John's Journal... Entry 238, Day 4
THE GREATEST DAY OF FISHING I EVER HAD WITH GEORGE COCHRAN
Age And Experience Make The Difference
Editor’s Note: Never before in the history of bass fishing does George Cochran know of a tournament angler who threw back 5-pound-plus largemouth because he had bass in the livewell that weighed more. In the BASS tournament at Lake Guntersville in Guntersville, Alabama the last weekend in February 2004, Cochran produced a four-day limit of five bass per day that totaled 99 pounds, 10 ounces. On the final day he had his greatest day ever of bass fishing. He won the tournament and the $103,000 prize. But more importantly for this two-time Bassmasters Classic champion, he proved that old pros still have what it takes to be one of the hot pros in today’s world of bass fishing. In this tournament, Cochran also demonstrated that wisdom can overcome youthful enthusiasm, and that patience and perseverance often are the keys to catching more bass. If you’ll read each day of this week’s information, you’ll learn some valuable secrets for catching more bass every time you fish.
On the first day of the tournament, you were in 10th place. On
the second day, you were in 6th place. On the third day, you went from
6th place to the leader of the tournament, but you only had a 1-pound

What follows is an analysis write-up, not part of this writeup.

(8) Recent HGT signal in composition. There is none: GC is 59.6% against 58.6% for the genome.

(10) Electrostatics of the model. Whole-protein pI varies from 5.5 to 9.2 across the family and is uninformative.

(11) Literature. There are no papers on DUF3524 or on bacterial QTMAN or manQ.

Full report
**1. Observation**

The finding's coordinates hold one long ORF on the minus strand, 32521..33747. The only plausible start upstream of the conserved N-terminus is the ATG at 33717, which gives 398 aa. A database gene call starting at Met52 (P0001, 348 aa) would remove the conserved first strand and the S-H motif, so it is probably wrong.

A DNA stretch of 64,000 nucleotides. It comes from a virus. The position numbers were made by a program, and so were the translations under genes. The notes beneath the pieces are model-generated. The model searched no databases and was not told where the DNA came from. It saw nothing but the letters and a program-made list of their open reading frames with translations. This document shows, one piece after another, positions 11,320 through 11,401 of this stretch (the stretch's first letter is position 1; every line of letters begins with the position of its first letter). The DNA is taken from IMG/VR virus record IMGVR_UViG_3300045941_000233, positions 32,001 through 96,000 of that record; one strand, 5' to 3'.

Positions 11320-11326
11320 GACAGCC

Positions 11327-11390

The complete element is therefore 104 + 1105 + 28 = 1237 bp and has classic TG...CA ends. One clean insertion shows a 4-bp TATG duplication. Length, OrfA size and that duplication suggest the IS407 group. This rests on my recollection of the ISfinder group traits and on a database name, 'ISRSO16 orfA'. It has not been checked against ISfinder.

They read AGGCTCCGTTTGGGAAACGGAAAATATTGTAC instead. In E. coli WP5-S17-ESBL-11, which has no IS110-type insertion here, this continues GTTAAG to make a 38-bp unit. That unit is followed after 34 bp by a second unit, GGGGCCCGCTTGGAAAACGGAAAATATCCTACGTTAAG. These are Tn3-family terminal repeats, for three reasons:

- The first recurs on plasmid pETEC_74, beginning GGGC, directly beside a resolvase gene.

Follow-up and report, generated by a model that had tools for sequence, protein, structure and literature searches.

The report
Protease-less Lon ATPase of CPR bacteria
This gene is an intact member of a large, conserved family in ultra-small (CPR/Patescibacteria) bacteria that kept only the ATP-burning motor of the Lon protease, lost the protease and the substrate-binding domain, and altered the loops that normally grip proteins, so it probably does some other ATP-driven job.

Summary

lead. What was the boat traffic like? What was the third day like as far
as spectator pressure goes, and how were you able to deal with that pressure
and catch enough fish to move into first place?
With that many spectators and that many boats, how did you concentrate
on your fishing?
If you watch ESPN and all the tournament shows that are on television, you’ll see that young, intelligent, aggressive anglers have won most of the bass tournaments lately. Every now and then, one of the older tournament anglers will sneak up on those young boys and win one. It was important to me not to just finish high in this tournament but to win one for my team of sponsors. On the night of the third day of competition, Jerry McInnis from ESPN, interviewed me and asked, “Do you think you’re going to win?” My answer was, “Yes, I am going to win.” I knew that by being this close to winning this tournament, I had to stay focused, true to my beliefs and give it my best shot. I really wasn’t interested in second place. This was an “all-or-nothing” tournament for me.
How critical was your age and your ability to fish slowly to win?
QUESTION: Were there any changes that
took place in the fishing environment during the tournament?
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TOMORROW: WHY I BELIEVE